On Thursday, 27 March 2014, Mexican and U.S. officials were on hand to witness a release of water from the Morelos Dam (located on the border, see map) that should help to rejuvenate wildlife in the Colorado River delta. The delta area has been dry for many years.
The agreement between Mexico and the USA allows for a “pulse flow” of water to be released down the Colorado River, which will bring water to the river’s delta in the Sea of Cortés (Gulf of Mexico) for the first time in more than five decades. The pulse is designed to mimic the effects of a springtime snow melt. The pulse flow will amount to a total of 130 million cubic meters of water over a period of eight weeks.
Within 48 hours of the initial release, the water had reached about 50 km (30 miles) downstream, with some of the water infiltrating into the barren soil as it went. The scientists monitoring the release are still unsure whether or not any water will make it as far as the sea, but already there are signs of life returning to the delta region:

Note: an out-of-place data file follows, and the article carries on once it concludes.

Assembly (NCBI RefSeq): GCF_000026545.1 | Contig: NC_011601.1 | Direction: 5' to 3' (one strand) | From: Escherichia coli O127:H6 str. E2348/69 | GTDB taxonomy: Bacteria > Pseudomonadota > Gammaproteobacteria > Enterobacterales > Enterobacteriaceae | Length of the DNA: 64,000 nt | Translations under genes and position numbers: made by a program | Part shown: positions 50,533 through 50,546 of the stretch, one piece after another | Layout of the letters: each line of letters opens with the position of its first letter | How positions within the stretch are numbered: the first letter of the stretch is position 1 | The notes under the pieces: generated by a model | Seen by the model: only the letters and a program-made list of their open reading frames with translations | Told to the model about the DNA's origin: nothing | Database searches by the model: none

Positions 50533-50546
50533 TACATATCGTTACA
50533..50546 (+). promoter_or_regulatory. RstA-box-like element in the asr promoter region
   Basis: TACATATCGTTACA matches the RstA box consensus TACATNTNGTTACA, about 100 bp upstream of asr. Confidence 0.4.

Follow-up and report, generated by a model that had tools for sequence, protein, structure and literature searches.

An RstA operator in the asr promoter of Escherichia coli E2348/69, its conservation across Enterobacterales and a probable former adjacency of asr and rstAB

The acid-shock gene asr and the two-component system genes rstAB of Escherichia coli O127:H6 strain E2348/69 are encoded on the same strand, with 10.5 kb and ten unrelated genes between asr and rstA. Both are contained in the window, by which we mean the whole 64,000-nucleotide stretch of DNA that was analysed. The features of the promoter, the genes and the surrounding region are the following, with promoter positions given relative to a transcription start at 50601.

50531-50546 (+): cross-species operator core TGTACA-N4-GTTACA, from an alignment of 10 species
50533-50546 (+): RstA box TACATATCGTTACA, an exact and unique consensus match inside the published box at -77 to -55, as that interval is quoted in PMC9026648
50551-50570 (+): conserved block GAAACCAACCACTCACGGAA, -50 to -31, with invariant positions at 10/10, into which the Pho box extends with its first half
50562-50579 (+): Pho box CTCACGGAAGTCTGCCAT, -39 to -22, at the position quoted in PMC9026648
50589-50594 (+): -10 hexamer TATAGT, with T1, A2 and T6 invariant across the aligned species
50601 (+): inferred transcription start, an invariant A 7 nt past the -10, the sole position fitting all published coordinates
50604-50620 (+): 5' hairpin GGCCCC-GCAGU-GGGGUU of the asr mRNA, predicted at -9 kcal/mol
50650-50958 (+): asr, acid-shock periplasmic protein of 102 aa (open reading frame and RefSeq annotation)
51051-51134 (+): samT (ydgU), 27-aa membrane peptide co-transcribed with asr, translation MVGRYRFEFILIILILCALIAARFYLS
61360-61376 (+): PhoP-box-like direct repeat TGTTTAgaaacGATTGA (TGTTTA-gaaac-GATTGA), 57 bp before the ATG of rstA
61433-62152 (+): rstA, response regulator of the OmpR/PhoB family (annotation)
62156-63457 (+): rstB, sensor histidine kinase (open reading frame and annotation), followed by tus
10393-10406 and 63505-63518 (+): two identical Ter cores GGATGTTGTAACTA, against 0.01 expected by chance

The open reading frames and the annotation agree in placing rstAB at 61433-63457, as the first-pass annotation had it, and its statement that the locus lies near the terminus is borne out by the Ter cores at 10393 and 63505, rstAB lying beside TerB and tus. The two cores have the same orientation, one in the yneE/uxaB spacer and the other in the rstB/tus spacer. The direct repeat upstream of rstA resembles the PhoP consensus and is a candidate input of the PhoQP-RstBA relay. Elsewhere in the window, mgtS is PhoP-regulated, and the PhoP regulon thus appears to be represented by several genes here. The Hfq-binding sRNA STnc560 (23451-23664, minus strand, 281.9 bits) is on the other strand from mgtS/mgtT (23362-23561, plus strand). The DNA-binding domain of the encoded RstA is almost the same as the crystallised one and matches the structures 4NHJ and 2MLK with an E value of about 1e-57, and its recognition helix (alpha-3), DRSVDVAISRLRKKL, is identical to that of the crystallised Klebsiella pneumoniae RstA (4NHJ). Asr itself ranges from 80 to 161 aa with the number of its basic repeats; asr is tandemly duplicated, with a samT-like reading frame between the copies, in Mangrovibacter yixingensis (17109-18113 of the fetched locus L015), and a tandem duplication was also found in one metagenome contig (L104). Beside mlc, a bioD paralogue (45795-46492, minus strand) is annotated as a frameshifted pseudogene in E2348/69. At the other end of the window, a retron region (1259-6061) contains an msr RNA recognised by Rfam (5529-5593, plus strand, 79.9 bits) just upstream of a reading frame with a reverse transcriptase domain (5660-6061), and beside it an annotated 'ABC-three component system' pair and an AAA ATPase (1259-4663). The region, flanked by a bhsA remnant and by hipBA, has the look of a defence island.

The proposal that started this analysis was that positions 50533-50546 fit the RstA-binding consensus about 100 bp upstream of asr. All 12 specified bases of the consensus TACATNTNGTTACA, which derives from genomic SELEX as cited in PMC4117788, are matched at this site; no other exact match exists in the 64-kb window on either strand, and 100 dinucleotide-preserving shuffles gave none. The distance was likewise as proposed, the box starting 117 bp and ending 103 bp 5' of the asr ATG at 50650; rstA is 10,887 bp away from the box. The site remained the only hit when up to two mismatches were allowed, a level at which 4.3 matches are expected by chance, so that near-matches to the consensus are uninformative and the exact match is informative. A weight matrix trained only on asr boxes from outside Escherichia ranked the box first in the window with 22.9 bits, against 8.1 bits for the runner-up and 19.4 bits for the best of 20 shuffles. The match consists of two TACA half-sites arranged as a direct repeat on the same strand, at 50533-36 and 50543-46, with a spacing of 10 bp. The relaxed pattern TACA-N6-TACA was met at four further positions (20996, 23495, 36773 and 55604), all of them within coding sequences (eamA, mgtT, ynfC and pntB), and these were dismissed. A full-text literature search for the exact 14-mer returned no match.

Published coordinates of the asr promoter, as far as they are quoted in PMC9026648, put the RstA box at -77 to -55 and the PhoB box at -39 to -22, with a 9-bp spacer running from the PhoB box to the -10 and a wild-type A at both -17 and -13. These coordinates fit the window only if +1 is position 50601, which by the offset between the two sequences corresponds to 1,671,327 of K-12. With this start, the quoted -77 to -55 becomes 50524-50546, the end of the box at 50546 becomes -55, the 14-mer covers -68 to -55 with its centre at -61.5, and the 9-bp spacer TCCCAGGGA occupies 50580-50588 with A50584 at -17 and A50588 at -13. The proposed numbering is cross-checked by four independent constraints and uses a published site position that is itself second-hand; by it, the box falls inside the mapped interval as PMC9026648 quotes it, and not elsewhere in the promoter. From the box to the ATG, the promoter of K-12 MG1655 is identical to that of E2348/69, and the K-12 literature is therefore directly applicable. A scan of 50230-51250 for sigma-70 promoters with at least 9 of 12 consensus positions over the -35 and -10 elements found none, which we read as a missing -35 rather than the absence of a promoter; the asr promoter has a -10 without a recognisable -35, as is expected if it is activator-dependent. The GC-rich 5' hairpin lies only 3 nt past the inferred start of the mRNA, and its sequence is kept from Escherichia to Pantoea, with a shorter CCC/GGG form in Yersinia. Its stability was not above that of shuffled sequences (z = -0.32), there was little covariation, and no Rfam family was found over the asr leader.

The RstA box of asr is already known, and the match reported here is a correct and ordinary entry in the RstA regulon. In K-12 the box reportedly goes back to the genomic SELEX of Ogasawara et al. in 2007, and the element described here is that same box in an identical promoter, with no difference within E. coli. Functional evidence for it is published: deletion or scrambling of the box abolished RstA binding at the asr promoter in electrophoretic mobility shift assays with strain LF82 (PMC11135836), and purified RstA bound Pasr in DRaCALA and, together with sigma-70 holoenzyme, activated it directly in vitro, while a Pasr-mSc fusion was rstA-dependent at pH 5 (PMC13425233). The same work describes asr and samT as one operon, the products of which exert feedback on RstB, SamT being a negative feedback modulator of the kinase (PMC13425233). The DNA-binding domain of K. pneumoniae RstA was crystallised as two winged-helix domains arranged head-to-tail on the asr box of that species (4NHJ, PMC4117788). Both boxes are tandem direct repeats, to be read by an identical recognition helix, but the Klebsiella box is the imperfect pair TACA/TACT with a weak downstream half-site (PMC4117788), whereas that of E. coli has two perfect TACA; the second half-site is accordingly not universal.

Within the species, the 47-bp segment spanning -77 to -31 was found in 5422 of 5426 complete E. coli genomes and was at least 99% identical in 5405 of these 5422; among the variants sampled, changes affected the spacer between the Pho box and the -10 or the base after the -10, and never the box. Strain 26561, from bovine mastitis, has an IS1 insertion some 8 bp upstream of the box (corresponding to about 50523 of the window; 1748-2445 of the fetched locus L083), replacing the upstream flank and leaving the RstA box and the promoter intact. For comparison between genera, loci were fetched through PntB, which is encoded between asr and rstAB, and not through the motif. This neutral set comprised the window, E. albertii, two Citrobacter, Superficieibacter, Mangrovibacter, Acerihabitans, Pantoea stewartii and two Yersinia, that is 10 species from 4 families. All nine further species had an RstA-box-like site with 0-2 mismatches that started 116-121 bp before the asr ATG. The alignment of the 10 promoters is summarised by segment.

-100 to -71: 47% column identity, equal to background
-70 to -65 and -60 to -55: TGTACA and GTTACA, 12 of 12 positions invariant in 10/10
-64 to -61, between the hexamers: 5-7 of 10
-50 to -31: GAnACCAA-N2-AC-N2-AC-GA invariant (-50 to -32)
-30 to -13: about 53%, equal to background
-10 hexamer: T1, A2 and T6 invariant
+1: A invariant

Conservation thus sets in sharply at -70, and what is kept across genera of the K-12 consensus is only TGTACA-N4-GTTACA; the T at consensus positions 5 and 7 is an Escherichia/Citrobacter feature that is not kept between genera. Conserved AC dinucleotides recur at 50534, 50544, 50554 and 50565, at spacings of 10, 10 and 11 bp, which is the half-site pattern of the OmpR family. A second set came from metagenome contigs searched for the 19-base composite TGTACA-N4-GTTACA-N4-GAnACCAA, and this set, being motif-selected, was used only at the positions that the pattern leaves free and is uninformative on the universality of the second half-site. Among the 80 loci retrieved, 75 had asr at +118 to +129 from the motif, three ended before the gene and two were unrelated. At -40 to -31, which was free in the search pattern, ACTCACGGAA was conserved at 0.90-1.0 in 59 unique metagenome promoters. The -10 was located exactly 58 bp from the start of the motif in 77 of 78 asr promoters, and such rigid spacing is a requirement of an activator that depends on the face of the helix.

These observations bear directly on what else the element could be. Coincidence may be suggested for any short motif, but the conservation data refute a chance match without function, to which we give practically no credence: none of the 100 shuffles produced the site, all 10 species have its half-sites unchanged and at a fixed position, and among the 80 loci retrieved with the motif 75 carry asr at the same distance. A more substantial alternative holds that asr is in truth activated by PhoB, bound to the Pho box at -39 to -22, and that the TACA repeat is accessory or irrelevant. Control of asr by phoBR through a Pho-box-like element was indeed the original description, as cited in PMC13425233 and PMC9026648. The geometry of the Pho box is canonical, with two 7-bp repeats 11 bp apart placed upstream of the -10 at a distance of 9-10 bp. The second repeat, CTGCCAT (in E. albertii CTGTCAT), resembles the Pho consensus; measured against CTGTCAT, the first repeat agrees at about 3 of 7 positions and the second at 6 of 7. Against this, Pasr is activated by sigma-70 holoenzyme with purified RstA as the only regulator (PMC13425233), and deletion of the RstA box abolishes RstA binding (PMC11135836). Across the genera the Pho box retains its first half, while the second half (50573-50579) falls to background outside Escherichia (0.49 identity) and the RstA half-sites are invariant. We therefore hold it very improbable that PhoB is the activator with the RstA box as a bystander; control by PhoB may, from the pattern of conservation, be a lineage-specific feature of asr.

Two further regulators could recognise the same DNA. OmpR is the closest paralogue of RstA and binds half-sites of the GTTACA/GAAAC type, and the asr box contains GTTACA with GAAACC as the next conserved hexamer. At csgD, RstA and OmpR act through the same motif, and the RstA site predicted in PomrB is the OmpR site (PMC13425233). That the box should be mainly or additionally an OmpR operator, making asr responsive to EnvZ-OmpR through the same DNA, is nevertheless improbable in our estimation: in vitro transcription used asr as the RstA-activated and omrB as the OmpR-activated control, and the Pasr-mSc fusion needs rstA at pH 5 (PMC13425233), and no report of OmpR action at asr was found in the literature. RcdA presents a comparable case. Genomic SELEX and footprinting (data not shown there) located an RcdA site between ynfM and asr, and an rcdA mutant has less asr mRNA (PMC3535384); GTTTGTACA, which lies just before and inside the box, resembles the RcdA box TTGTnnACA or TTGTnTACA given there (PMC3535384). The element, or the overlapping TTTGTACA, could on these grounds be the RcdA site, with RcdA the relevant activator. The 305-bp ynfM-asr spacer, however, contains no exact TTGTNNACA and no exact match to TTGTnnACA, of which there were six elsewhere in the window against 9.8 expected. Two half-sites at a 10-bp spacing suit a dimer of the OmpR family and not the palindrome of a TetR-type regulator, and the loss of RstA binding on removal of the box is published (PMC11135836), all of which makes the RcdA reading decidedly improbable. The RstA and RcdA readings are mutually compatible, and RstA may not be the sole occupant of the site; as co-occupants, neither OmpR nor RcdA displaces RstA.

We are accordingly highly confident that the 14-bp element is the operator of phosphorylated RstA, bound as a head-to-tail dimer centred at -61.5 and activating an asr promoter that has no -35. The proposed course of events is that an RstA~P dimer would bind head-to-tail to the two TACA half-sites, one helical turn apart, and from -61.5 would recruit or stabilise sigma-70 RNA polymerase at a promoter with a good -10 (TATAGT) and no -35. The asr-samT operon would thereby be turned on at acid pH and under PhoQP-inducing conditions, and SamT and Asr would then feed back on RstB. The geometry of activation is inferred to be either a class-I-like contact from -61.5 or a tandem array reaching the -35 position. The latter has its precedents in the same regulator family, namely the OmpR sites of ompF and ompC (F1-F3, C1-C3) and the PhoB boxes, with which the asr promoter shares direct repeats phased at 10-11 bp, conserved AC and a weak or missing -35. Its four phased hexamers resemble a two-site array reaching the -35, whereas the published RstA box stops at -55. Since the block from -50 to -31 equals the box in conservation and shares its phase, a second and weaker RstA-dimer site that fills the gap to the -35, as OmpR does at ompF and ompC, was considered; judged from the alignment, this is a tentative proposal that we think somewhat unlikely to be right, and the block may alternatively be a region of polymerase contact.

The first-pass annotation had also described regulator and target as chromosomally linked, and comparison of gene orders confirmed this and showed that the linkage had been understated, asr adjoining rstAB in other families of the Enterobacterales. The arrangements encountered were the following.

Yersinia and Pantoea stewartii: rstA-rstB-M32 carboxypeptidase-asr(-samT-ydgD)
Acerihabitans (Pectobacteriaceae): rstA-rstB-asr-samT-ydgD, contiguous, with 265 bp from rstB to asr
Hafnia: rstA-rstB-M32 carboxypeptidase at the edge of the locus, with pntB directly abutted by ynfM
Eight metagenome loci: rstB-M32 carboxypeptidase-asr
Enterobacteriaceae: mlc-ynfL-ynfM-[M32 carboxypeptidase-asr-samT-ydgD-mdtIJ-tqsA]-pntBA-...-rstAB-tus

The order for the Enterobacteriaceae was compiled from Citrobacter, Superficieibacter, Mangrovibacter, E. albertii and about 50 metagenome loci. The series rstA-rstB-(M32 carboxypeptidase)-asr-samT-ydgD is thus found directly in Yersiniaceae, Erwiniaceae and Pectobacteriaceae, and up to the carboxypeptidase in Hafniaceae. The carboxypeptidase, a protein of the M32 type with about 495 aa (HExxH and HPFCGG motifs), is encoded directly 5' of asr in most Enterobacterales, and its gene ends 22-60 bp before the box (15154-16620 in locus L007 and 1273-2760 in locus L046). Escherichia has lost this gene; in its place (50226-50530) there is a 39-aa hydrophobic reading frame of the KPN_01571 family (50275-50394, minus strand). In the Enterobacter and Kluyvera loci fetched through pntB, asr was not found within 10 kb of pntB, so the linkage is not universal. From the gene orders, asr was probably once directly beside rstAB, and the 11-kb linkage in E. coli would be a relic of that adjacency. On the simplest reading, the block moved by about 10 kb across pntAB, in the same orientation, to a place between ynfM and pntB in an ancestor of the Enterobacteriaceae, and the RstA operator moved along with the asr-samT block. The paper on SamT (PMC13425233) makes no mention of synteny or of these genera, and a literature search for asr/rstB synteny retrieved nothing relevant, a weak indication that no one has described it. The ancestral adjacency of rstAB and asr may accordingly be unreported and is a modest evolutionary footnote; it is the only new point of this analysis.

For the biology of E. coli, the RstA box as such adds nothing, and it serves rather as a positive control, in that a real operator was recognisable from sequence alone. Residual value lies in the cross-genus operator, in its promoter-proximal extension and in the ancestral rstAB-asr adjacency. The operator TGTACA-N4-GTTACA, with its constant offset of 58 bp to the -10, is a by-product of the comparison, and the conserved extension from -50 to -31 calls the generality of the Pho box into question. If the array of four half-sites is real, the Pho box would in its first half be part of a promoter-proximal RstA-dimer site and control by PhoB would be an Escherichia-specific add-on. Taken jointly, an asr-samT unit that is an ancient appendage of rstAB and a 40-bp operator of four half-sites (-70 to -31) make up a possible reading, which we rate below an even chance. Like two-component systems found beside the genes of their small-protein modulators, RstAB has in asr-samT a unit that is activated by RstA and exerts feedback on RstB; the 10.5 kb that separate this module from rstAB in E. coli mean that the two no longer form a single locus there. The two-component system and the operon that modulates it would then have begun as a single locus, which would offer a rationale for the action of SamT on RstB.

The release of water is part of a pilot project, due to last five years, that will lay the groundwork for possible future agreements to ensure that the delta area receives sufficient water in the future to enable its fauna and flora to survive.
For more about this landmark event, see
- Historic water release brings surge of joy to Colorado River
- Photo gallery, Colorado River delta water release
You can help restore water to the Colorado River Basin by joining (free) Change the Course, a project of National Geographic and partners.
- Will the mighty Colorado River ever reach its delta?
- Fascinating new book about the Colorado River
- Dust, snowmelt and the reduced flow of the Colorado River into Mexico
- USA agrees to “bank” some of Mexico’s entitlement of Colorado River water